Tips from Lot Pop on Used Car Merchandising

October 19, 2018 / Automotive Advertising / 0 Comments /

There are plenty of dealers that blame V-Auto for costing them vehicle gross. But while attending the Lot Pop Dealer Workshop recently, I have some interesting information to share on this subject.

“All that V-Auto did was aggregate the data on the internet – it didn’t cost the dealers money. Most dealers think V-Auto is the reason gross profit per unit has gone down, but it is really not. The internet itself has cost the dealers the money because everyone can now see what the cars are priced at. All V-Auto did was compile all the data.” – Jasen Rice

Improving Gross and Volume

Here are 5 areas to improve gross and volume as it relates to your used car inventory.

  1. Inventory Status – Monitoring your inventory sold rate by age buckets. Sixty-five percent of cars are sold in the first 30 days and less than 10 percent of the cars have ages where you want to exist. The 3 age buckets are: 1st bucket: 0–30 days, 2nd bucket: 31–45 days, 3rd bucket: 46–60 days
  2. Inventory Marketing – Pricing and visibility of the inventory to have it able to move through all 3 buckets
  3. Stocking – Why you are stocking the vehicles you stock and leveraging the proper price points and mix of same franchise units in stock
  4. Inventory ROI – Which cars generate the most leads and greatest return on investment
  5. Turnaround Time – Slow turnaround time kills gross

Vehicle Age vs. Sold Units

Here are 7 metrics that affect sold units by age. Vehicle gross problems are created a lot of times because you are selling your cars late in the cycle. This will almost always kill your gross.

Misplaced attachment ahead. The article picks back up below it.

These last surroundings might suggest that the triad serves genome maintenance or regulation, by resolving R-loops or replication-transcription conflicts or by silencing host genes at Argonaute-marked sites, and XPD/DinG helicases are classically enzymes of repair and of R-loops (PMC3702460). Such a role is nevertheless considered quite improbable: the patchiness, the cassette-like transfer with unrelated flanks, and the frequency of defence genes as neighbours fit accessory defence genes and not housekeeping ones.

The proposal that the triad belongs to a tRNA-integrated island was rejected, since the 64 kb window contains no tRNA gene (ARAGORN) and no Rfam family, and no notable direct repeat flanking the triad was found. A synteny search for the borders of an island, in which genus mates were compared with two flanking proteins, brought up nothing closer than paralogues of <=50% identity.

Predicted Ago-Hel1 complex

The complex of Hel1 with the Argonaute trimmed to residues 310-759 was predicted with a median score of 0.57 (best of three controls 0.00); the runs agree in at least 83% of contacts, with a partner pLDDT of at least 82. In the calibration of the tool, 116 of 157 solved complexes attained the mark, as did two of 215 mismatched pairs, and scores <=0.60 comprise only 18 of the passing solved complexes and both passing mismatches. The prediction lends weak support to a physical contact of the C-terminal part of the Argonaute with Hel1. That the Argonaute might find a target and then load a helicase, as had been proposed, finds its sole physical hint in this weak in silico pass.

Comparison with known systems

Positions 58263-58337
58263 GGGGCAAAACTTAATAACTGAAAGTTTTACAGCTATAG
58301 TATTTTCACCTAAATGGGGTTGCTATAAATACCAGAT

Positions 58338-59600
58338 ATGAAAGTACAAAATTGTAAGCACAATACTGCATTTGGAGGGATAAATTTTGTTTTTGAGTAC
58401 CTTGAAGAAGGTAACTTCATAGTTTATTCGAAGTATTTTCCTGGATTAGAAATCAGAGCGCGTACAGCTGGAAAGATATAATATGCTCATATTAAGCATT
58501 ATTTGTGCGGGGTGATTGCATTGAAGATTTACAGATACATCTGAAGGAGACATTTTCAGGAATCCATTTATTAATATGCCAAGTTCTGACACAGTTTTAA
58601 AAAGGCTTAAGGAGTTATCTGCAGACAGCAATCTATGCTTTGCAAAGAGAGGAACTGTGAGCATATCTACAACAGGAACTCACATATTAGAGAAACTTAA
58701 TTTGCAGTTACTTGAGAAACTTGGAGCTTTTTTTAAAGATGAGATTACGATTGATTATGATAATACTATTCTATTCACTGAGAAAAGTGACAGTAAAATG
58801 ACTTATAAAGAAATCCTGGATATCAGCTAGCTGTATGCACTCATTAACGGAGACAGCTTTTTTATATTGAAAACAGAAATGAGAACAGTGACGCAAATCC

1. If you don’t have enough inventory to sell
  2. Pricing on fresh inventory has gone up each week
  3. Took too long to get pricing and descriptions on your fresh inventory
  4. Percent of missing photos has increased
  5. Are you bringing in slow-moving cars
  6. Bringing in high-dollar vehicles
  7. Fresh cars are not being displayed online (usually a feed issue)

What I love about being able to share this type of information is that all the advertising in the world cannot sell a high-priced or bad product. A major theme that Strong Automotive Merchandising sees is that dealers who have better inventory management and pricing across used cars see better conversions from their digital marketing.


About the author

John Paul Strong: For someone who spends an average of 135 days outside of the office meeting with clients, John Paul Strong remains the driving force behind his Birmingham-based advertising agency, Strong Automotive Merchandising. Strong began his career as a fresh-faced account executive at Martin Advertising. Learning much, but never satisfied, he convinced his father to partner with him in reopening their own advertising agency in 2004, catering exclusively to the automotive industry. The company started strong but humble. The original roster of 10 employees and eight clients has exploded today, growing to 100 full-time employees and more than 220 automotive dealers. And it hasn’t gone without notice. Along the way, Strong Automotive Merchandising has been recognized as a perennial winner in Birmingham’s Best Places to Work contest and as a Top 20 Agency among Google’s National Ad Partners. Yet, Strong still finds time to share what he’s learned along the way. As an avid writer, he has published two books in the Next Day Traffic series, along with more than 1,000 automotive-focused blog posts. He is also a member of the Texas Auto Writers Association, and his success has been recognized in the Birmingham Business Journal’s 2013 “Top 40 Under 40” feature and the 2017 CEO Awards. The foundation for Strong’s career began at the University of Montevallo where he earned a bachelor’s degree in communication studies and advanced public speaking. Always staying ahead of the competition, Strong later went on to study in Harvard Business School’s Executive Education Program. Amid all of his endeavors, Strong always makes time for what matters most – his family. He is a proud husband to Amy, and father to Lilly Grace, Anne Charlotte, Hudson, and Ford.


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